WASHINGTON (Nov. 14, 2012) – In the United States, one in 10 men and one in 14 women have had a kidney stone. Unless the kidney stone is too large to pass on its own, the treatment prescribed is usually plenty of fluids and painkillers while letting it pass over a period of several days. Jeremy Brown, M.D., associate professor of emergency medicine at the George Washington University (GW) School of Medicine and Health Sciences, has received a grant that will ideally give this increasingly large group of patients more options with fewer complications.
Brown received a four-year, $4,198,046 cooperative agreement research project grant from the National Institutes of Health (NIH) and the National Institute of Diabetes and Digestive and Kidney Diseases to explore new ways to treat kidney stones. His research project, titled "Multi-Center Study of Tamsulosin for Ureteral Stones in the Emergency Department," will enroll patients with kidney stones in three Emergency Departments (EDs), including the ED at GW, and randomize them to either an active medication called Tamsulosin or a placebo.
"I originally became interested in this because I saw Tamsulosin being used by some urologists," said Brown. "I realized it hadn't actually been studied in a rigorous way."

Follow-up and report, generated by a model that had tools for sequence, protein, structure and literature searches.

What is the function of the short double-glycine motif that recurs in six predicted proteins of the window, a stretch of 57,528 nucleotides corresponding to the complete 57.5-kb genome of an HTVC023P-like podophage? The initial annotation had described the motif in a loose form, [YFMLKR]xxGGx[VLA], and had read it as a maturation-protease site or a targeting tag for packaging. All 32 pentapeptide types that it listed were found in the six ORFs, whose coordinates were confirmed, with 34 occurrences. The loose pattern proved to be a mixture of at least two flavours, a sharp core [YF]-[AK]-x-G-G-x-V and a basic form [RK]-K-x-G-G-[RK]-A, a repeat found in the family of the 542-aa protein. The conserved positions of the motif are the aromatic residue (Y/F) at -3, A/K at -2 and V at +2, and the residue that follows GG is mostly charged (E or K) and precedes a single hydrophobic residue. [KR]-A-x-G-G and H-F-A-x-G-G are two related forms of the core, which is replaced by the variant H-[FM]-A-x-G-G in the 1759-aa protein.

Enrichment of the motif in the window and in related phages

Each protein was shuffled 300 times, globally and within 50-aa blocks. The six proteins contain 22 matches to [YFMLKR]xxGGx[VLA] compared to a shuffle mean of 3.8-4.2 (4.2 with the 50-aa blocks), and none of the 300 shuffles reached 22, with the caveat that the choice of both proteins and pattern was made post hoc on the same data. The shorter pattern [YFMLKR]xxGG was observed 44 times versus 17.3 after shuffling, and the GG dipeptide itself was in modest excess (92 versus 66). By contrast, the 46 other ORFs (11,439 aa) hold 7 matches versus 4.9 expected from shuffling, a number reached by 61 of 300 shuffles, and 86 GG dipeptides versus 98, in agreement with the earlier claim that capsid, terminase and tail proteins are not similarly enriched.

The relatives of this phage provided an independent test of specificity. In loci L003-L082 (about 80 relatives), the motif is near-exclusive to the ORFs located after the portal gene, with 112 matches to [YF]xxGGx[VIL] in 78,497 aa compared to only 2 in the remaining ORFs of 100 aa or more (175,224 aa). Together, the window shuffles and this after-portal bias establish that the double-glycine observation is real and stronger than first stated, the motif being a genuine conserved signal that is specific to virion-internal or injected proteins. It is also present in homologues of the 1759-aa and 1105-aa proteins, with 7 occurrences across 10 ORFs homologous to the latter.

Brown began studying the effects of Tamsulosin as a treatment option for kidney stones with a small-scale study at GW funded by the NIH. After the successful completion of this study, Brown submitted a proposal for a larger study that would include additional EDs. The three EDs included in the study are those of GW, the University of Pennsylvania, and the University of Pittsburgh. Patients who present with kidney stones will receive the usual treatment – pain medications, CT scans, and fluids – and will then be asked if they would like to be enrolled in the study. If enrolled in the double blind study, they will be randomly assigned to receive either Tamsulosin or a placebo. Brown and his research team will then call to check up on the patient during the first month and after three months to determine whether they had any complications and how quickly the stone passed.
Brown believes treatment with Tamsulosin may help patients pass their kidney stones faster and with fewer complications.
"In terms of the patient, the best case scenario would be that this medication helps get kidney stones out sooner, so they are out of pain quicker and with fewer complications," said Brown. "That way, they can get off pain medications, which are usually quite strong, and get back to normal living."
To interview Dr. Brown or a patient this treatment may benefit, please contact Lisa Anderson at 202-994-3121 or firstname.lastname@example.org.
About the School of Medicine and Health Sciences
Founded in 1825, the GW School of Medicine and Health Sciences (SMHS) was the first medical school in the nation's capital and is the 11th oldest in the country. Working together in Washington, D.C., with integrity and resolve, the GW SMHS is committed to improving the health and well-being of our local, national and global communities. www.smhs.gwumc.edu
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